Like COVID itself, the idea of vaccine passports just won’t seem to go away.
It subsides for a while, suppressed by the realisation of what it would mean: that a small proportion of the population, concentrated in some ethnic groups, would be constantly discriminated against.
But then it creeps back. Confirming that the lifting of many legal restrictions would be lifted next Monday, the Prime Minister encouraged nightclubs and other large venues to insist on vaccine certification “as a matter of social responsibility”.
Don’t think it will end there – it transpires that ministers have been discussing making vaccine passports a legal requirement at such venues.
And once they have become established at nightclubs and concert halls, just wait until they become legally-required at all hospitality venues: pubs, restaurants, hotels – just as it seems they will such establishments in France and Ireland.
Vaccine passports are only a temporary measure, we will be told – just to protect us during the pandemic.
But you can bet that they will soon morph into a smartphone-based ID card which we are expected to carry wherever we go – at least if we want access to any commercial premises or public building.
There are too many vested interests to allow the idea to die a death with the pandemic.
There are huge fortunes to be made for the tech industry if it can persuade governments and commercial organisations to force on us electronic ID cards which can then be used to collect, store and access our personal data.
“Welcome to the shop, madam, but we just need to check your creditworthiness first, so if you can please check in with your phone here”; “yes, the swimming pool is open but in order to ensure everyone’s safety we’ll need you to check you against the sex offenders’ register”; “your seats are in aisle 10, sir, but first we’ll just need to check that you haven’t been censured for anything you have said on social media.”
There will be enthusiastic support for many potential uses of an electronic ID cards, and only in time will the oppressiveness of an electronic ID card system creep up on us.
And of course, tapping our phones against a reader will be so easy that it will hardly register as an inconvenience – until, that is, we personally get ‘pinged’ on the grounds that the venue has taken a dislike to some aspect of our character or history.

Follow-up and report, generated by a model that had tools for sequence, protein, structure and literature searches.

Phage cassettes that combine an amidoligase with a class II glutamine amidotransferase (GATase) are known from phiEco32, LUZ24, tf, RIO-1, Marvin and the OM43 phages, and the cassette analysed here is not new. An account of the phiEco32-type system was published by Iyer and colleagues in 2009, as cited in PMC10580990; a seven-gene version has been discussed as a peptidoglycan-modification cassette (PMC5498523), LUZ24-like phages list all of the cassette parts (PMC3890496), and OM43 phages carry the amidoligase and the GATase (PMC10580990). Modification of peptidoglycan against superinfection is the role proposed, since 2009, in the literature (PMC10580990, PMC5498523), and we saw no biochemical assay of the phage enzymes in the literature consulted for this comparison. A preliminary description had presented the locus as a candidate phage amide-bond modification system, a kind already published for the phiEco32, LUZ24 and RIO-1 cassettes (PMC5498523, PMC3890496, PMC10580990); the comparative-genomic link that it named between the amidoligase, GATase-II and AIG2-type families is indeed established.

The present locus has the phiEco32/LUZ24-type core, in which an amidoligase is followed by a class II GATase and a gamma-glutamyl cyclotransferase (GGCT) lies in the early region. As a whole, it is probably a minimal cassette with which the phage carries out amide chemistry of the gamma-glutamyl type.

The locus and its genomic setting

There is a model for what will be coming our way if we do not resist vaccination passports and electronic ID cards: China’s social credit system, which blacklists people for numerous antisocial offences, from crossing the street on a red light to failing to sort their recycling, and uses the information to deny them the right, for example, to buy rail and airline tickets.
The adoption of lockdowns has shown just how pernicious is the influence of authoritarian China on the West.
No-one should fool themselves that Britain and other ‘freedom-loving’ western societies have some sort of cultural defence against over-bearing surveillance. We don’t.
A combination of authoritarian-minded government ministers, greed on the part of big tech and apathy on the part of many citizens will ensure that vaccination passports quickly evolve into a permanent surveillance infrastructure.
What purpose do vaccination passports serve in any case?
Vaccination rates among the upper age groups are already up above 95 percent. Those who are vaccinated will be at little extra risk from the odd unvaccinated individual they encounter in a bar or some other venue – it is mostly the unvaccinated people who will be at risk to each other.
Do we really need to persecute those who, for whatever reason, have chosen not to be vaccinated? They are not all anti-vaxxers.
According to an ONS survey, only nine percent of those who have rejected the vaccine have an opposition to vaccines in general, and three percent of them said they has been advised by their own doctors not to be vaccinated.
Vaccination is working in reducing COVID to an endemic disease which causes a manageable number of hospitalisations and few deaths.
There is no need to try to make effectively compulsory by insisting on vaccination passports that will make life a misery for those who, for whatever reason, have not been jabbed.
Source: Rosss Clark – The Telegraph